I have been struggling to wake up recently and I managed to sleep through the 4.00 am alarm. I woke at about 4.45 am and rushed up to Bribie, arriving just after 5.30 am.  It was very cloudy and I passed through a few showers on my way up from Brisbane.  They had cleared by the time I reached the Bribie Bridge. I pulled on my waders and walked out under the bridge towards the old oyster jetty. There was plenty of light but the sun had not yet come over the horizon. The wind was much lighter than forecast – as it often is, for the hour either side of first light.

Low tide would be a fairly high low at 0.8 m, at 7.40 am. The moon was about half way to full. I waded out to the south of the old oyster jetty and loaded up the light spin rod with a GULP Jerkshad on a 1/8th ounce, 1/0 jighead. I was using a 10lb fluorocarbon leader. It was now just before 6.00 am.

On the first cast, I felt the lure drag a little and I thought it was stuck in the weed. I yanked the rod tip up to free it and a small angry flathead (about 35cm long) came flying out of the water towards me. It managed to catapult itself off the jighead so I did not have to release it. The next cast produced another bite but no hook up. On the third cast, I paused and connected with a fish, as soon as I lifted the plastic off the bottom. This was a decent sized flathead so I decided to wade with the fish, back to the beach. It turned out to be about 55cm.

At this point I realised I did not have my camera. This was a shame because it turned into an extraordinary session. I was joined by Lee – another keen plastics fisherman. We had a chat and as we were talking and casting, we realised this was going to be one of those fantastic fishing sessions. Almost every cast produced a fish and the majority of those fish were between 45cm and 55cm long.

As the sun rose and the wind picked up the fish carried on biting and even the tide change did not seem to slow them down. I swapped through various Gulp soft plastics – Minnows, Jerkshads and Shrimps, which all caught fish. I put on a Z Man Minnowz with a paddle tail and this caught a few.  Lee was fishing with a Gulp minnow grub in the Banana Prawn colour that was catching a fish on almost every cast.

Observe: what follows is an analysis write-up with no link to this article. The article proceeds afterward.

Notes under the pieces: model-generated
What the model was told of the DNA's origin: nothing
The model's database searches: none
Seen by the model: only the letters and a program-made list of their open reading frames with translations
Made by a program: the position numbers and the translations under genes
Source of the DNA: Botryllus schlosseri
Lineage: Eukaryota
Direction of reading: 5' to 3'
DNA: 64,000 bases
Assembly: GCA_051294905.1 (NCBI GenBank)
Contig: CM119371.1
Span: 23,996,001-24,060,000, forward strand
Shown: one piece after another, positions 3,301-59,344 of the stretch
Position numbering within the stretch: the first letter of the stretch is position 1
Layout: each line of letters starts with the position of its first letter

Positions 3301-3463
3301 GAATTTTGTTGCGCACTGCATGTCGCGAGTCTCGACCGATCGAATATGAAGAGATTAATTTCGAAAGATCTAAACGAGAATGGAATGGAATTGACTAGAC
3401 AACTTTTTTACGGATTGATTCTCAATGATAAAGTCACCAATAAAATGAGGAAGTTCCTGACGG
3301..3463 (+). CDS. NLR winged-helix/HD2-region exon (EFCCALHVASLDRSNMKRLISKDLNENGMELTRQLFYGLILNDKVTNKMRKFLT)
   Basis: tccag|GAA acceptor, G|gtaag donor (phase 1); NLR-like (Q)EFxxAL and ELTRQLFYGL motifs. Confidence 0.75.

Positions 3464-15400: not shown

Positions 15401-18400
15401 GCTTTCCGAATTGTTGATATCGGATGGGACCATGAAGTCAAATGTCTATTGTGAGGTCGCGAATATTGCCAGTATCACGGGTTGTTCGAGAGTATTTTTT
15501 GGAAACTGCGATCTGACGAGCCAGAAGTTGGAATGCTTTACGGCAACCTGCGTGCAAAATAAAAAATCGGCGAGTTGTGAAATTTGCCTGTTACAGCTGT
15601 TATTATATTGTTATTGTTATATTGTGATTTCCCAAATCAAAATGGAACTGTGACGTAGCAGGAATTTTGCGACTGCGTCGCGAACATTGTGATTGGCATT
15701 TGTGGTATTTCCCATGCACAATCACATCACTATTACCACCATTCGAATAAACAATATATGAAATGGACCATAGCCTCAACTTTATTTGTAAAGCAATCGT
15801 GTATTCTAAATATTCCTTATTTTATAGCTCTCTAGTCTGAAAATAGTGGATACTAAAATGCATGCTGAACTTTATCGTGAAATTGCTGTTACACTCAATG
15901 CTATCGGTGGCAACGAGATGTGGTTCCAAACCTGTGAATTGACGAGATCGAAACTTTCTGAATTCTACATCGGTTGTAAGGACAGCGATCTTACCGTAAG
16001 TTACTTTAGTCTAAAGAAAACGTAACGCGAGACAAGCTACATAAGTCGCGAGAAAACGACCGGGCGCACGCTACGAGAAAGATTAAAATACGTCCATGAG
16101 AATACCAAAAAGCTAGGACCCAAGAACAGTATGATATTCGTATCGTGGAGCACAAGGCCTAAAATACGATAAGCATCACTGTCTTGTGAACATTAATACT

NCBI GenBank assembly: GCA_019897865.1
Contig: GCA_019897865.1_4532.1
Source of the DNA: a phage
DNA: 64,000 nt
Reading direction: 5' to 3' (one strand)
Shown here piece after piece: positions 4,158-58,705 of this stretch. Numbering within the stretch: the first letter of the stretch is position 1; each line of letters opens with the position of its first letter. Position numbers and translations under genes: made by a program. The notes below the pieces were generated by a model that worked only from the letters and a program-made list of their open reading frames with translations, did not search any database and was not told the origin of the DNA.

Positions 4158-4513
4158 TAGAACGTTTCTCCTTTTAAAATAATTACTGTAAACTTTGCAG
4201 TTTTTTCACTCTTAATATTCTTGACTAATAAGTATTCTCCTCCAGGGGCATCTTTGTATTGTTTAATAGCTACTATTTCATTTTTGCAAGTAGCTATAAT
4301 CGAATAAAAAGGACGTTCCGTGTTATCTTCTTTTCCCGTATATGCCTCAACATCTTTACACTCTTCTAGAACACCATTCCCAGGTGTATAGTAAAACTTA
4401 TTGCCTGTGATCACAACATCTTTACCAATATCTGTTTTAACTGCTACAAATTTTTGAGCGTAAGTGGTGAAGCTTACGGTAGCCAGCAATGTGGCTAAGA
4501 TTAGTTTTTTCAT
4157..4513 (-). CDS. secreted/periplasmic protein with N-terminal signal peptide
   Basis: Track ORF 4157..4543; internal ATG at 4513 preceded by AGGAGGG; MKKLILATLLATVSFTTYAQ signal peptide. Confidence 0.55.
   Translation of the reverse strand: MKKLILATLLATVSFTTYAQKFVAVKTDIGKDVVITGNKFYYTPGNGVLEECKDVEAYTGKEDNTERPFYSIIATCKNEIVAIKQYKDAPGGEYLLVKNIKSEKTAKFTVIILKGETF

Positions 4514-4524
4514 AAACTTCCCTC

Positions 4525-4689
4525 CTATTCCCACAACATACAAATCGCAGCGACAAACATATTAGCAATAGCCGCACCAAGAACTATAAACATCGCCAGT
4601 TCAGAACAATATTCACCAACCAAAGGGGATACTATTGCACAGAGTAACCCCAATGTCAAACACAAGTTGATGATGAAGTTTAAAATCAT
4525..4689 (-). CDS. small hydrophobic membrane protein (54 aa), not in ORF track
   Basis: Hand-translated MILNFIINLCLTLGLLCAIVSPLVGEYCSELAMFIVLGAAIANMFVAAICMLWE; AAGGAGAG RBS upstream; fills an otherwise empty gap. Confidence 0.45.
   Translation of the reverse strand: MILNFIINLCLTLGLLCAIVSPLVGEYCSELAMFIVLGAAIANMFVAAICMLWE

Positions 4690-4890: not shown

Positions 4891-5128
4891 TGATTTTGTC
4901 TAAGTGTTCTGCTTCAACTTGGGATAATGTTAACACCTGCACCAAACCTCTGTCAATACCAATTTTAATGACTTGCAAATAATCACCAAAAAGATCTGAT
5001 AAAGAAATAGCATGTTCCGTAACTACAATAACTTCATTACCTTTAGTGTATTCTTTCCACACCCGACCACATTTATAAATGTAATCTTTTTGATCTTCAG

I decided to experiment with some hard bodies. I started with the DUO Realis Shad 59 MR suspending minnow. This caught a couple of nice flathead but their violent head shakes soon reduced the small trebles to one remaining hook. I took it off and decided to test just how hungry these fish were. I tied on a MARIA MJ Twitch 90mm Suspending hard body. This is a great lure but I would generally consider it a bit of a mouthful for flathead. It has a great action but usually gets clogged in the weed before a fish gets to it. Not today – I cast it into the strike zone and after a couple of twitches, a flathead smashed it. It was a decent fish and the trebles struck home. I waded back to the shore with it and pulled out the trebles. It was about 65cm and one of the best fish of the day.

It was now low tide and the weed was everywhere so I swapped back to soft plastics. Every size and colour caught fish. Lee was equally successful. In three hours, between us we must have caught upwards of 60 flathead. We kept five each and released the rest.

It is difficult to know what fired them up or how long they have been there. There were lots of small squid and prawns around, but no massive bait schools. The terrain of sandy hollows and weed beds is ideal flathead country but I don’t ever remember a session were the fish were so easy to catch. Something must have drawn the fish to this area but it is not immediately obvious what.

At about 9.00 am I decided to take my catch home and Lee also gave up. We are in for some wild weather over the weekend. Let’s hope it does not blow the fish away.

Bribie – the old oyster jetty flats – 21 December 2013

Saturday

Saturday morning was clear, but hot and humid. I set off for the Bribie sand flats at about 3.30am and was wading out in the pre-dawn light, just after 4.30 am. Low tide was due at 4.58 am. Then it would be another big run in tide – getting up to 2.3 metres.

Pre-dawn there was virtually no breeze but the wind had been a fairly persistent northerly the day before and was forecast to pick up again later. On the still water, at the bottom of the tide there were clumps of seagrass everywhere. The big tides have been lifting it up and spreading it all around. This always makes the fishing tricky. As soon as your lure lands it starts collecting seagrass.